Truth in Lending Act Lawyers

Locate a Local Business Lawyer

Find Lawyers in Other Categories
Most Common Business Law Issues:

When Is a Creditor Required to Disclose Information?

The Truth in Lending Act provides requires that creditors make certain disclosures when a consumer is applying for a loan or credit card. The Act applies to a creditor when four requirements are met:

  1. Credit is offered to consumers
  2. Credit is offered or extended regularly (more than 25 times a year)
  3. The credit is mostly for household, family, and personal purposes
  4. The credit is subject to a finance charge or payable in more than 4 installments by written agreement

The act does not apply to:

  1. Creditors who extend credit mostly for business, commercial, agricultural, or organizational purposes
  2. Student loan programs
  3. Close-ended Credit Transactions (ex. Sales credit and loans)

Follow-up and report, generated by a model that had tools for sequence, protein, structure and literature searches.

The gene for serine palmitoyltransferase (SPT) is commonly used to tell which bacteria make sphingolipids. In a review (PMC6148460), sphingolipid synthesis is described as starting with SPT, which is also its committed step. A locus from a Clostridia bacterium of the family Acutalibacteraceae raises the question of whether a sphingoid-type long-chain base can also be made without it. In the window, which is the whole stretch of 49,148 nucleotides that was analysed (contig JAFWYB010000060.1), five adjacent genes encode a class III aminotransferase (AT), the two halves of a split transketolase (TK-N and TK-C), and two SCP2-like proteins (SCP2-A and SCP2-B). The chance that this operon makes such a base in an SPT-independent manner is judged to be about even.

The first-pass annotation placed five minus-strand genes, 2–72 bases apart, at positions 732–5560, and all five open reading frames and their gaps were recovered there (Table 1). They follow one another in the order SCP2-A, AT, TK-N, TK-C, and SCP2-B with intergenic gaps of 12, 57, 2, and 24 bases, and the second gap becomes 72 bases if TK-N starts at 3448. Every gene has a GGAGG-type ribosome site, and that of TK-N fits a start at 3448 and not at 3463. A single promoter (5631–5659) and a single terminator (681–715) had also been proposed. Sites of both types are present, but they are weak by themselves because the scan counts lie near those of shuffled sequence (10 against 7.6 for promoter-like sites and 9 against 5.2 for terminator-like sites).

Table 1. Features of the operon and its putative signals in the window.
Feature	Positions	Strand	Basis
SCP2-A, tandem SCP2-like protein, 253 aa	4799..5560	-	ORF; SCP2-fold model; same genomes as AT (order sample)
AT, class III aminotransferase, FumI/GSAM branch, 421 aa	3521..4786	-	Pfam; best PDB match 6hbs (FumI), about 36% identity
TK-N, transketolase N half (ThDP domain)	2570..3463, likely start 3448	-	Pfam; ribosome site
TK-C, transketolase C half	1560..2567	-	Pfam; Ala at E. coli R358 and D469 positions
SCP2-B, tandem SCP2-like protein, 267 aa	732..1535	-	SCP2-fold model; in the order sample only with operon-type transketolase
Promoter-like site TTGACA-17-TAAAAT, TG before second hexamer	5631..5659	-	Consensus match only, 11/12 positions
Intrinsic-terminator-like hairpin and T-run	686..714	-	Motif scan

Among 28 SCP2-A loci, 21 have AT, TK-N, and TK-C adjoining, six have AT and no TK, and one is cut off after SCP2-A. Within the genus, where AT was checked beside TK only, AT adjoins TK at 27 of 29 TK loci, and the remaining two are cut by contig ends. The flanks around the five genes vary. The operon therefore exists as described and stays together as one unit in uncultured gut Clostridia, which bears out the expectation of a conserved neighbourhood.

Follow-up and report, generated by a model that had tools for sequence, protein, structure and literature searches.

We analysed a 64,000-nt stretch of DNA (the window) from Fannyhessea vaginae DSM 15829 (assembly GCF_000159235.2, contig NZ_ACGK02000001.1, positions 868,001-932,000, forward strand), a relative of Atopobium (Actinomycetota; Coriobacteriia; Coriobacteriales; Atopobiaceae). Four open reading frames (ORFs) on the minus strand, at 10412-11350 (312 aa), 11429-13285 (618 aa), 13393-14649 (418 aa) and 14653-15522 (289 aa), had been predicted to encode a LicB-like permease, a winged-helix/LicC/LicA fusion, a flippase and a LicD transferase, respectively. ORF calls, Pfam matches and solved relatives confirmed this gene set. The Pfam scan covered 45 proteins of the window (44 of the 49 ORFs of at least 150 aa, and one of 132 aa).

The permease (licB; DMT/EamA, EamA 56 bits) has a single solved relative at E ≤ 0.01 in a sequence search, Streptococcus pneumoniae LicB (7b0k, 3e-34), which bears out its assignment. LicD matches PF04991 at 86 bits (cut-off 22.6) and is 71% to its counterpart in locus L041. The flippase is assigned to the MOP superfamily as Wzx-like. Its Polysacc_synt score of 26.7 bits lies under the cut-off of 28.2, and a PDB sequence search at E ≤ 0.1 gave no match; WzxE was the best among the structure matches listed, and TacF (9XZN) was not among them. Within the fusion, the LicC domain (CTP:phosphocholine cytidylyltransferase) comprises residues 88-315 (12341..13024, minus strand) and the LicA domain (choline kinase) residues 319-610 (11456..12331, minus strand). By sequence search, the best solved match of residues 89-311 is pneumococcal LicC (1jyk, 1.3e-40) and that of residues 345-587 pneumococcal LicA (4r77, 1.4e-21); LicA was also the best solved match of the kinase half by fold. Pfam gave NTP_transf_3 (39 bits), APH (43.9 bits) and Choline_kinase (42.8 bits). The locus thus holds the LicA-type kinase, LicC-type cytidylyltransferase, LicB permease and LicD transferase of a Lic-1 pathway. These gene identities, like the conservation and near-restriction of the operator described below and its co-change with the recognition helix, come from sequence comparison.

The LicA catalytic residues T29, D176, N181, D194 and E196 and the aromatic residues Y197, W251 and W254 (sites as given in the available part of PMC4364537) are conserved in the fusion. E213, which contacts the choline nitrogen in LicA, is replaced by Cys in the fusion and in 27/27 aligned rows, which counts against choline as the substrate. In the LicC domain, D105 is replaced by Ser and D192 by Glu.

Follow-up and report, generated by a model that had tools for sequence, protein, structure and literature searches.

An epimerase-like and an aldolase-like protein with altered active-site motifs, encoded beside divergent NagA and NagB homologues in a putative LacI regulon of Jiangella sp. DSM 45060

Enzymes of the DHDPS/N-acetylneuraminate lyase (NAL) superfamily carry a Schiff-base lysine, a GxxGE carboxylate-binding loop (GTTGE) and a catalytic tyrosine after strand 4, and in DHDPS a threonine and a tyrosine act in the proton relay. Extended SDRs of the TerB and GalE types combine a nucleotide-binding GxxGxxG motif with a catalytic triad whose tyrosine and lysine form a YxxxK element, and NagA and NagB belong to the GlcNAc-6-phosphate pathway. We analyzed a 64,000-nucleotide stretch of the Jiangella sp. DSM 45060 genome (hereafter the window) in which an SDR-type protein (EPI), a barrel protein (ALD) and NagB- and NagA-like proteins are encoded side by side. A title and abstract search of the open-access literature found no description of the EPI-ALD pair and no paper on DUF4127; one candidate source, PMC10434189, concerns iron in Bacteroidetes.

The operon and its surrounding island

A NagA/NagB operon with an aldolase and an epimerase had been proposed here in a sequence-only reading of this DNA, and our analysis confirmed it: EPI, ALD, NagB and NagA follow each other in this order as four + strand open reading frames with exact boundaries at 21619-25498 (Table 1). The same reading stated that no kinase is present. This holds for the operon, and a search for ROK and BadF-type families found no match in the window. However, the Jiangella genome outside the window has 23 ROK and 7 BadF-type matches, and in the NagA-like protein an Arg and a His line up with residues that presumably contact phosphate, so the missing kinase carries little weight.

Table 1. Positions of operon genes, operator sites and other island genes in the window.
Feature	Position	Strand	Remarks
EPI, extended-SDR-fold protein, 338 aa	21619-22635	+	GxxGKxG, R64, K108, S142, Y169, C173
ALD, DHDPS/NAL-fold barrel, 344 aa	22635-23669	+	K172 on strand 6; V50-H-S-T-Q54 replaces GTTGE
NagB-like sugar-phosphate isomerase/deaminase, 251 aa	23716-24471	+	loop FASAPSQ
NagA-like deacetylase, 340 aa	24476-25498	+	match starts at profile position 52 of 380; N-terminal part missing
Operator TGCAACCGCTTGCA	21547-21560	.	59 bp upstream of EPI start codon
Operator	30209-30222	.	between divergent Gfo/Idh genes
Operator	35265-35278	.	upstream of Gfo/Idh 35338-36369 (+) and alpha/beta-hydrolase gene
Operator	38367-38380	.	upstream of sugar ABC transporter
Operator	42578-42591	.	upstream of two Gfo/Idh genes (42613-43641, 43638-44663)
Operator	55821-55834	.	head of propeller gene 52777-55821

What Must a Creditor Disclose to a Consumer?

A creditor must make the following disclosures:

For open-ended credit transactions, such as home equity lines or bank credit cards, extra disclosures need to be made:

What Happens If a Creditor Violates the Act?

Creditors are liable for not meeting all of the disclosure requirements, even if the consumer is not harmed by the creditor’s failure to disclosure. However, there are two exceptions:

  1. The error is corrected within 60 days of discovery by the creditor (not by the consumer); or
  2. The failure to disclose is a genuinely unintentional error

Should I Seek Legal Help?

If your creditor has not made sufficient disclosures, you may be entitled money damages. You should consult with a consumer protection lawyer who will be able to advise you of your rights and options.

Consult a Lawyer - Present Your Case Now!
Last Modified: 09-30-2016 03:22 PM PDT

Find the Right Lawyer Now

Link to this page

Law Library Disclaimer

LegalMatch Service Mark